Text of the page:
something up in her home and do it if she wants to.
However, I think that it’s people just getting into the sex
industry, I think it’s a real dangerous place to be. I don’t
think they’d really be there if they had high self-esteem. I
think it’s easier to get into it because there’s lots of people
who will pay for it. For me it was the easiest thing to get
into when I was young. I look around and I see that it’s the
same thing for other young people but I think that it’s kind
of exploitive. I think it’s very dangerous and it leads to a lot
of heavy drugs and destroys a lot of lives. I don’t think that
it’s meaningful employment.” (Female, 42, massage parlour, retired)
Effects on Personal Identity

“The comment that came to my attention the most was “she’s a
hooker”, that’s not right. I am a hooker, it’s my job, it is not who I
am. I thought about it and it’s been weeks, and I couldn’t take it
any more. This isn’t right. I am an individual.” (Female, 31, agency)

“Mentally, emotionally it affects everything. You become that
person and it seeps into the rest of your life. If you are going to
be in the sex trade you’ve got to have the skills to separate the
business from home…” (Female, 24, agency)

“I have a boyfriend and I promised him that I would never tell our
friends and stuff like that. Basically that’s how we leave it, I
consider myself two people. So when I’m at work I’m one person
and when I’m at home…” (Female, 20, agency)

“It was a part of my life, but people that meet me today, why
should I tell them what I did ten years ago. It’s none of their
business. When you meet me today, it’s not written on my
forehead “ex-prostitute” and I still believe there is discrimination.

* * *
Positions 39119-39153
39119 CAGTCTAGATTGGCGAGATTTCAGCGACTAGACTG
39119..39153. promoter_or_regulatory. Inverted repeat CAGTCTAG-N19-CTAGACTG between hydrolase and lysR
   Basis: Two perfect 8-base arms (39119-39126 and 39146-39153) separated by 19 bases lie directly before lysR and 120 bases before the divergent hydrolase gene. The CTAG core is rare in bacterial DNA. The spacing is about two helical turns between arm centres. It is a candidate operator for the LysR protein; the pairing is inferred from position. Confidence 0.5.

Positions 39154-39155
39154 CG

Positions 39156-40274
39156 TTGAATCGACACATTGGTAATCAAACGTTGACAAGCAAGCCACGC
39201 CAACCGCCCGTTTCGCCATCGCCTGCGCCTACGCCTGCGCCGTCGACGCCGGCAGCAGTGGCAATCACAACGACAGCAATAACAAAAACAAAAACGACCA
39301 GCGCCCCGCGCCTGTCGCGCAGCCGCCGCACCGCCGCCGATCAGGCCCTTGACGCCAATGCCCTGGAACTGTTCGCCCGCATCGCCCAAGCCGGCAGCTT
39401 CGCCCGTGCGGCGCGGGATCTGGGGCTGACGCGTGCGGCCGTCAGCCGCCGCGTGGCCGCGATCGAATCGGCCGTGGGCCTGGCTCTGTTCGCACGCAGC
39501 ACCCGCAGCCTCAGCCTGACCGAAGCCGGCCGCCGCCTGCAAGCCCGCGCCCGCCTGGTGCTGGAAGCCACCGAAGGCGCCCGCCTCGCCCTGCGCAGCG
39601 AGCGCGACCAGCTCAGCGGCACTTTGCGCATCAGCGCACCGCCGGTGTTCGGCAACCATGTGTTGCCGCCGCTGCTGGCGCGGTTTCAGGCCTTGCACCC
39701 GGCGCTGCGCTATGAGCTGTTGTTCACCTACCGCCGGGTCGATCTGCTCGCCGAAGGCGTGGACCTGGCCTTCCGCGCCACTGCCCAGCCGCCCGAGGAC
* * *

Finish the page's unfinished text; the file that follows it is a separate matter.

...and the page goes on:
It shouldn’t be, but there is discrimination.” (Female, 45, massage, retired)
Effects on Emotional Well-Being

“In my experience I have met so many people I’m close to
who can keep it in a good place and achieve their goals,
and also those who get swallowed up by the whole thing
and end up addicted to drugs or in really bad shape
emotionally, spiritually and physically.” (Male, 41, clubs)

“It’s just a job that’s it. I don’t come home and break
down, there’s been times when I’m not to happy with what
I do but…and if I stay in that head space I get depressed
and stuff like that but it’s just a job. For me that’s it.”
(Female, 25, agency)

“To do this kind of work, you have to be…a strong
woman… because sometimes it can get very degrading if
you sit around and let that get to you. I think you lose
your whole kind of headspace. To keep your humour is
very important… sometimes it’s hard because you live a
double life, people … some people know and your family
doesn’t know and it’s hard…” (Female, 29, home)
Effects on Personal Relationships

“My children don’t know what I do, as far as they know I
clean houses.” (Female, 38, home)

“I was the shame of the family [but] my brothers thought I
had nothing to be ashamed of… today it’s just one of
those things that happened in the past, it’s not talked
about.” (Female, 39, bars, retired)

“With relationships that I have ever had, the majority of
relationships I’ve ever been in I have never shared that
with them [my involvement in the sex trade]. I was
engaged for six years and he didn’t now anything about
my past.” (Female, 33, street, retired)

“I talk about it openly with others, but it is also a risk when
I do talk about it. So right now I am trying to gauge who
can accept it and who can’t and I have suffered as a result
of sharing it openly.” (Female, 34, agency, retired)
Effects on Seeking Help

“I would like to be able to sit down and say, ‘this is what I am’
and not have to worry about them putting on the gloves just to
talk to you.” (Female, 41, home)

“I’ve had four doctors tell me… they don’t want to be my doctor
any more. They’ve never given me a reason. I walked into an
appointment once with my girlfriend and they refused to see
either one of us. It… has a lot to do with the stereotypical
attitude... people generalizing certain categories together... I
think doctors don’t understand, or if they do understand they’re
avoid[ing] the whole situation altogether.” (Female, 25, street)

“I had a doctor for 36 years... He never knew that I was in the
sex trade and I never told him. I was too ashamed.”
(Female, 44, agency, retired)

“[Doctors] are pretty closed minded, they don’t respect what I
do as hard work. It’s a lot of lectures on safety. Chances are
I’m safer than you.” (Female, 44, agency)
Improving the Work

“I think society’s attitude in general needs to change.
Also an expansion of support that exists already; and
implementation of new support so that the trade is